Question about 1995 Toyota Camry
Check engine light came on and after diagnostic at Toyota was told that the manifold cat. converter needs replacement and that the front pipe cat. conv. would probably need replacement soon. If engine running okay and all,(1) how pressing is this repair to have done? (2)anyway to estimate how much time I have before converter fails?(3)what happens and what damage when conv. breaks? Is this the type of repair that an unskilled do-it-yourselfer should tackle?
As long as the area you live in doesn't require emission testing, you don' need to fix it. It won't hurt anything. But you will have to stare at the light or put tape over it.
Posted on May 11, 2009
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Posted on Jan 02, 2017
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code PO420 you have is Catalyst System efficiency is below threshold bank one.
Usually replacing the O2 sensor that's the front most in the exhaust system
will cure your problem,
Your Check Engine light
is on and you find a P0420 code for a catalytic converter fault. Does that really
mean your converter has reached the end of the road and needs to be replaced? A
new converter can cost $600 to $1000 or more if a new car dealer or repair shop does the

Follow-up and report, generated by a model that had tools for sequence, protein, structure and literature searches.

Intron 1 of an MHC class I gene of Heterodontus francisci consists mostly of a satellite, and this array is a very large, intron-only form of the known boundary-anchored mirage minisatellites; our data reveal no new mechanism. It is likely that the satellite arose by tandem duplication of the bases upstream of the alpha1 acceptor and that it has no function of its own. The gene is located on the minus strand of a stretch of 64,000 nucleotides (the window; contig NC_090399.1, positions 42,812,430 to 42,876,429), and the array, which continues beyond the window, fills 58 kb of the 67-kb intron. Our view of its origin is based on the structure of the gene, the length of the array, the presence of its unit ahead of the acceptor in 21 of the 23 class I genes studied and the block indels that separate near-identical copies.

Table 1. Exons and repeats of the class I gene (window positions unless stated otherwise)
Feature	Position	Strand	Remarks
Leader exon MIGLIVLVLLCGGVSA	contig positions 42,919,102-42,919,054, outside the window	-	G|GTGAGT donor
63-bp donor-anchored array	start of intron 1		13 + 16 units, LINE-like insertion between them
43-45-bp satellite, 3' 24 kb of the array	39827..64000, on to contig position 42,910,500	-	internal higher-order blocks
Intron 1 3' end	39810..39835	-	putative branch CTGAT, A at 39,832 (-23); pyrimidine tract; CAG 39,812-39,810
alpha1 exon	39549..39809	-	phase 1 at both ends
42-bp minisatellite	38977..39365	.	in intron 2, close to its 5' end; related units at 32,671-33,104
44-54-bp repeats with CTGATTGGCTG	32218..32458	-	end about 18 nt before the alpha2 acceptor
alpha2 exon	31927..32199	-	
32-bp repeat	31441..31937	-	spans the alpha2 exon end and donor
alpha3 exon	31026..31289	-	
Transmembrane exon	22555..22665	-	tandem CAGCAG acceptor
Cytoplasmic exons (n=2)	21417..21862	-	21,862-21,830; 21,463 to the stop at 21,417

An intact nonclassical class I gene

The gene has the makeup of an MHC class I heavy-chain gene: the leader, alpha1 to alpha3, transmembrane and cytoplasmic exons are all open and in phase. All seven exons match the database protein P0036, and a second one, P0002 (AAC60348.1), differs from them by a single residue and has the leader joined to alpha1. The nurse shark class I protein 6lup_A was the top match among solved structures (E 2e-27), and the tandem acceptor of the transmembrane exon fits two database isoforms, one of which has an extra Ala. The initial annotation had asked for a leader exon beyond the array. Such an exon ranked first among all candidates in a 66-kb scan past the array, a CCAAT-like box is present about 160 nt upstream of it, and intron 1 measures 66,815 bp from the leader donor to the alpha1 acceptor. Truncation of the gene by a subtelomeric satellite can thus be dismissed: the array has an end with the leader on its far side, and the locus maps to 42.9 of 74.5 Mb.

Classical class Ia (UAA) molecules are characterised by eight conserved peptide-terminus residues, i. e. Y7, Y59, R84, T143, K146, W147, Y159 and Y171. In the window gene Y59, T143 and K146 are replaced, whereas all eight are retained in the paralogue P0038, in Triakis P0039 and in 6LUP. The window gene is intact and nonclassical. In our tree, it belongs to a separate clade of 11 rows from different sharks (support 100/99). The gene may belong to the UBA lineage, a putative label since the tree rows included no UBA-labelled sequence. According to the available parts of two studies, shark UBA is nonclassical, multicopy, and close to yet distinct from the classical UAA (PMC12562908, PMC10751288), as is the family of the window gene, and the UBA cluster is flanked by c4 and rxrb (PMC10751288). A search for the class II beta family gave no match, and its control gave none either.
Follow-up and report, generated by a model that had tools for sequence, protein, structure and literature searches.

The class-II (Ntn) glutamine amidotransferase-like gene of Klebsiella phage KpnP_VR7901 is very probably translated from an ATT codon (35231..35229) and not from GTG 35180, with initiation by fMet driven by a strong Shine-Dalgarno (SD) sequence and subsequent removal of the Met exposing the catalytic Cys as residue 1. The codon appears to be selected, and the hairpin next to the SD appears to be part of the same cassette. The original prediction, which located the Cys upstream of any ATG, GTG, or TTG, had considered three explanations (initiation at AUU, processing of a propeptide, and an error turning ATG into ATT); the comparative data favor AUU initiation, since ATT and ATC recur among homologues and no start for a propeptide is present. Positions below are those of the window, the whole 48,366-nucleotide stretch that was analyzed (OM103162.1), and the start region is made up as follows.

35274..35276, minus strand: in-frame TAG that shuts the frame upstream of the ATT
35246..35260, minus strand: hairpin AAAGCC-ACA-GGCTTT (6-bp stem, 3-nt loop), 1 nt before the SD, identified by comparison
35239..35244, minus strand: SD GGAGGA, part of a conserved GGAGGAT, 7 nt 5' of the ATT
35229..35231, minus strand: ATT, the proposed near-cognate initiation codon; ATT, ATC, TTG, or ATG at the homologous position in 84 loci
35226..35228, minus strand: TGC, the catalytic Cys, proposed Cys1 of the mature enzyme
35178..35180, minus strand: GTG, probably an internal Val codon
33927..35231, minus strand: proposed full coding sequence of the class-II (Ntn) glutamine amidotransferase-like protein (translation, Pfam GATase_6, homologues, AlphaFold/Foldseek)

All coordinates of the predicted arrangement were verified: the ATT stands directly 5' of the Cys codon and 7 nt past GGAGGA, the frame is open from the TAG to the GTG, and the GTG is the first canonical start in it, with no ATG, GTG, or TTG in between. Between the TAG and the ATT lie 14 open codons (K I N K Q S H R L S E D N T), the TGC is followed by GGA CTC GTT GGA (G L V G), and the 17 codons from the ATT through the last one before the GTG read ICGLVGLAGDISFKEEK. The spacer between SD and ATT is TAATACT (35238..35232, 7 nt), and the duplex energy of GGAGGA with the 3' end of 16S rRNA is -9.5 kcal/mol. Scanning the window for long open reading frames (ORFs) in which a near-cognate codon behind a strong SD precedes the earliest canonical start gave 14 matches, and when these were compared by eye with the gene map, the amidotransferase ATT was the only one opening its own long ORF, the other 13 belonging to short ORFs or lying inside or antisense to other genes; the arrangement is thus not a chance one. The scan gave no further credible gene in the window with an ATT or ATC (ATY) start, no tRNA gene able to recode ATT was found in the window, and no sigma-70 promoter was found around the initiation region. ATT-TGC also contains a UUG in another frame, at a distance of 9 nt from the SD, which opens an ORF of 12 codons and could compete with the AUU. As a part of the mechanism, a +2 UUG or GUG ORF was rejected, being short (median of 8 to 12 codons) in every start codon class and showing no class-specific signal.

job, or maybe half that amount if you do it yourself. It's an expensive fix
that may or may not be necessary. The problem, in most cases, is an emissions
issue, not a performance issue that affects the way the engine runs.
A P0420 diagnostic
trouble code is a "generic" fault code that is set when the Onboard Diagnostic II
(OBD II) system sees a drop in converter efficiency. The
OBD II system monitors catalyst efficiency by comparing the switching activity
of the upstream and downstream oxygen sensors in the exhaust. The upstream O2
sensor in theexhaust manifold reflects the
condition of the exhaust gases as they exit the engine. The downstream O2
sensor in or behind the catalytic converter reflects the condition of the
exhaust after it passes through he converter.
The catalytic converter
is like an after-burner. It oxidizes (burns) any residual fuel vapors (unburned
hydrocarbons or HC) in the exhaust. It also burns any carbon monoxide (CO) in
the exhaust. The exhaust must meet federal emission standards, and if a problem
exists that causes emissions to exceed the federal limits by 150%, the OBD II
system is supposed to catch the fault, set a code and turn on the Check Engine
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